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Flavourworks is poised to give the gaming industry a splash of innovation with its upcoming live cinematic mobile game using patented touchscreen video technology.
I got a taste of the first chapter of an upcoming game. It all started with a daring scene where I ran my finger across the screen of my iPhone to simulate the decompression of a women’s nightgown. (Get your wits out, folks! I was playing a demo.) This was part of Crane, the first chapter in Flavourworks’ Hush anthology series. A private beta will start in a few months.
I had to use my fingers to interact with the scenes in the film at key branching points. My fingers could zoom in on an object, make a key choice for a character, or shoot a pistol while two characters looked at each other. Later in the game I had to dial a phone number with an old rotary phone with my finger.
It was a taste of what was to come with Flavourworks’ next interactive movie and game experience, based on patented Touch Video Engine technology. The movements of the fingers aim to blur the line between a passive live-action movie and active video game mechanics. The game features full moving video, with real actors and environments. They play a story, but you can play the story as if it were a game. You can make key decisions and even touch the screen to wipe a tear from a character’s eye.
“What we’ve spent the past two years creating this viable third category between cinema and games,” said Jack Attridge, co-founder of London-based Flavourworks, in an interview with GamesBeat. “We started with Erica on PlayStation 4 and now we have ported her to iOS and PC. We keep taking Touch Video, which has multiple patents, and this technology really allows us to balance gameplay and video.
Aromas was co-founded by Attridge and Pavle Mihajlovic. Their first game, Erica, debuted at Gamescom in August 2019. Erica has millions of players across all platforms. It takes around 90 minutes to play, and the median play time is one hour and 54 minutes. Many users have completed the game more than six times which is necessary to see all endings. Flavourworks gets an analysis on the choices, and when Erica has the option to speak or remain silent, 98% choose to speak.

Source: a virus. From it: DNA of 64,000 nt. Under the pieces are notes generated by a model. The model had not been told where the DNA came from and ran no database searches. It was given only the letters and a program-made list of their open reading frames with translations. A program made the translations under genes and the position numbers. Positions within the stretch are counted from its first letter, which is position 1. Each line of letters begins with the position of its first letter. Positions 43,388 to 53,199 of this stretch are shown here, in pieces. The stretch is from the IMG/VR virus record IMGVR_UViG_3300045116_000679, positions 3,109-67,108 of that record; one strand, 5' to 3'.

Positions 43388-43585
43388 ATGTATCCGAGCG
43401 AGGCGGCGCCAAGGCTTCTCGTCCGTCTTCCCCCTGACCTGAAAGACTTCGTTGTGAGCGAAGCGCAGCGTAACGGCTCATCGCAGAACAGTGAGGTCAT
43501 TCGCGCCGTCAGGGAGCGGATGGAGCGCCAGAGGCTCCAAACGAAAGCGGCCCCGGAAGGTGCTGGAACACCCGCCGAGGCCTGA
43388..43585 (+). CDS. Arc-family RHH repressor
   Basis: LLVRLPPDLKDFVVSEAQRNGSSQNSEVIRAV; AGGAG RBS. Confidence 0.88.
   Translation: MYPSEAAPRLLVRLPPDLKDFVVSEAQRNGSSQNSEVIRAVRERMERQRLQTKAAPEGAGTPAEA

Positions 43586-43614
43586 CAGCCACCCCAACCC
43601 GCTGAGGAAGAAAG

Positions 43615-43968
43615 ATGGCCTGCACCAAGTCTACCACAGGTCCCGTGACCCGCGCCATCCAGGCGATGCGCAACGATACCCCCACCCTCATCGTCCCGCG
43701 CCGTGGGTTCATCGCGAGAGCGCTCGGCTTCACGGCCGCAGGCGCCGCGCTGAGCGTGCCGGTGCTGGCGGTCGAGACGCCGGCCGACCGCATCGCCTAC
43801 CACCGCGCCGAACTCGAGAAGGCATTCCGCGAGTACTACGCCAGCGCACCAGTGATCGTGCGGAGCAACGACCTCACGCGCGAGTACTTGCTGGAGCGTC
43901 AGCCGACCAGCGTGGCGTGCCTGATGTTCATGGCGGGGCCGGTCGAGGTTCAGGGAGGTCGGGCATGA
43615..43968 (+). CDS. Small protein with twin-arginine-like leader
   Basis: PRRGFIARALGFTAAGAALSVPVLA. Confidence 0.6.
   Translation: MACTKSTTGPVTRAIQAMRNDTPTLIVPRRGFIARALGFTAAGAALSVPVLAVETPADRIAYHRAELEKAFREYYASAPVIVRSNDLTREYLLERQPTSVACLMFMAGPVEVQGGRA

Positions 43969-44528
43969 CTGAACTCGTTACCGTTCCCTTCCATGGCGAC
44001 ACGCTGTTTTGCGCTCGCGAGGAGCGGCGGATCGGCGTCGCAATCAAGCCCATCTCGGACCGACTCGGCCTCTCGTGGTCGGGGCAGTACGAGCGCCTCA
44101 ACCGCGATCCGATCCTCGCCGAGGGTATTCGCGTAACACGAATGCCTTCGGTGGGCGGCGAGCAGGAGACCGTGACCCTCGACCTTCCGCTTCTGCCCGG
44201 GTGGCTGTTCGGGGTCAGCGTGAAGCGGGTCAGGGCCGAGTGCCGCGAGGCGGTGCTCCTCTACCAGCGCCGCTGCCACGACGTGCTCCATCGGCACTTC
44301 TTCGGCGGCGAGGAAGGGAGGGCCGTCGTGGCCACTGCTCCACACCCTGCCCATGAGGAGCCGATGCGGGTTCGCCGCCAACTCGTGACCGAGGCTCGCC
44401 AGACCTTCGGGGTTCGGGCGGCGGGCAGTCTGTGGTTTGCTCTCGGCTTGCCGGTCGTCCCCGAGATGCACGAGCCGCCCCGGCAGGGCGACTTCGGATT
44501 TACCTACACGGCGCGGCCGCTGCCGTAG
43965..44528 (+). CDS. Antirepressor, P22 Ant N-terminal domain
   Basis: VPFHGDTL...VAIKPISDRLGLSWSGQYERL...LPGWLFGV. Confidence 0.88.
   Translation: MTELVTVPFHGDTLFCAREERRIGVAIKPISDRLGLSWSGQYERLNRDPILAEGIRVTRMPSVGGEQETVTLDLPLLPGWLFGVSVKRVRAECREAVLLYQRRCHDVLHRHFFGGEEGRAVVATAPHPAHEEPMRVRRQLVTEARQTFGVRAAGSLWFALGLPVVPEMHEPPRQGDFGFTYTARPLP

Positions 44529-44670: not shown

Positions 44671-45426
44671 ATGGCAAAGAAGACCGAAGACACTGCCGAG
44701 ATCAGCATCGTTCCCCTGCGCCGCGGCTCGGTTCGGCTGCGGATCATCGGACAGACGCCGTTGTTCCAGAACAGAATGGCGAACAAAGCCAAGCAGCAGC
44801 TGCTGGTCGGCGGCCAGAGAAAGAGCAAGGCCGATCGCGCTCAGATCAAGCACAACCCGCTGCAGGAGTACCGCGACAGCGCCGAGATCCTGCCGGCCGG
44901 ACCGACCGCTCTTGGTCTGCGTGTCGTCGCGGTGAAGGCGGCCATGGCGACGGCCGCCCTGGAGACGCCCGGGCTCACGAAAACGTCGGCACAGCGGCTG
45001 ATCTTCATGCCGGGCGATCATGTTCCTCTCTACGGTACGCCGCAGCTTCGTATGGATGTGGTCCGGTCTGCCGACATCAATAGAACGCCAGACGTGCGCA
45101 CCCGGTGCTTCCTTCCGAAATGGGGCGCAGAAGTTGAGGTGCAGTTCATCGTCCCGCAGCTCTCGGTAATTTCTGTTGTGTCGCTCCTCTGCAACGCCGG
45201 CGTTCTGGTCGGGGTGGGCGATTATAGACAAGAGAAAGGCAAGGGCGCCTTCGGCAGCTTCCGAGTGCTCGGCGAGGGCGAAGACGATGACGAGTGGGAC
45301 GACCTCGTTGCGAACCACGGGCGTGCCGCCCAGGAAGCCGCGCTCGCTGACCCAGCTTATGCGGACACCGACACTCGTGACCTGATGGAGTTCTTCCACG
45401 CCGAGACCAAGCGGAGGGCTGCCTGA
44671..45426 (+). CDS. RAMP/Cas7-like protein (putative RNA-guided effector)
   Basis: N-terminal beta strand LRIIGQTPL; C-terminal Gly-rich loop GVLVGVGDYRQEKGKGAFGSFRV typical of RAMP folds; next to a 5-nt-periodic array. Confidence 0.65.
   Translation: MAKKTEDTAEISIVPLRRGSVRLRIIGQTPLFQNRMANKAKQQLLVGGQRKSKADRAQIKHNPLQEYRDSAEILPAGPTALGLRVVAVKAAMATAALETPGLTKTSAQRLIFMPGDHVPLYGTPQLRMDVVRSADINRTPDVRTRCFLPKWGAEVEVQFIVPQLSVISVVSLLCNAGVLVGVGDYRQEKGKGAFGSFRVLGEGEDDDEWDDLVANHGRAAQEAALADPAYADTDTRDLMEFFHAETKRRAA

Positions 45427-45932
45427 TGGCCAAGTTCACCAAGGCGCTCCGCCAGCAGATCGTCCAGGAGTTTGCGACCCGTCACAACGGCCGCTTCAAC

They raised $ 3.8 million in funding in November 2019 to build the interactive live-action platform. (Attridge will be giving a talk on Flavourworks at our upcoming GamesBeat Summit Next online event on November 9-10. Themes relate to parts of the game that have a chance to reach the next growth stage.)
Attridge said he believes the company has a great opportunity to help take games to the next level, as live video technology is the way to reach a larger audience that games don’t have everything. totally won over.
“We want to reach out and reach out to the whole world,” he said.
The vision is to make Touch Video technology more intimate and effortless than mashing a button on a controller. It gives the user a sense of agency while ensuring that the experience is smooth and seamless. This is completely separate from other “controlled” narrative narratives sometimes seen in Hollywood (i.e. Netflix’s Black Mirror: Bandersnatch) as it is only created with user intuition and fluid movement at the spirit.
With Touch Video, Flavourworks created Cookbook, a suite of exclusive authoring and editing tools for flow mapping and editing, with patented mechanics and bespoke gameplay features. And it built the Flavorworks Operating System (FWOS), a lightweight abstraction layer with hardware-accelerated video decoding for optimal video playback on all types of devices (spanning consoles, mobiles, browsers and more. low-end decoders). And with this engine, Flavourworks will be able to increase the pace of its game releases.
About 64% of American households have a set-top box and 34% worldwide have a smart TV. With Touch Video, the company can target these new gaming platforms. The goal is to expand the total addressable market for immersive storytelling and interactive content. Attridge recently took on Zack Slatter as CEO. Slatter has led new media and distribution at ViacomCBS, AwesomenessTV and NBCUniversal.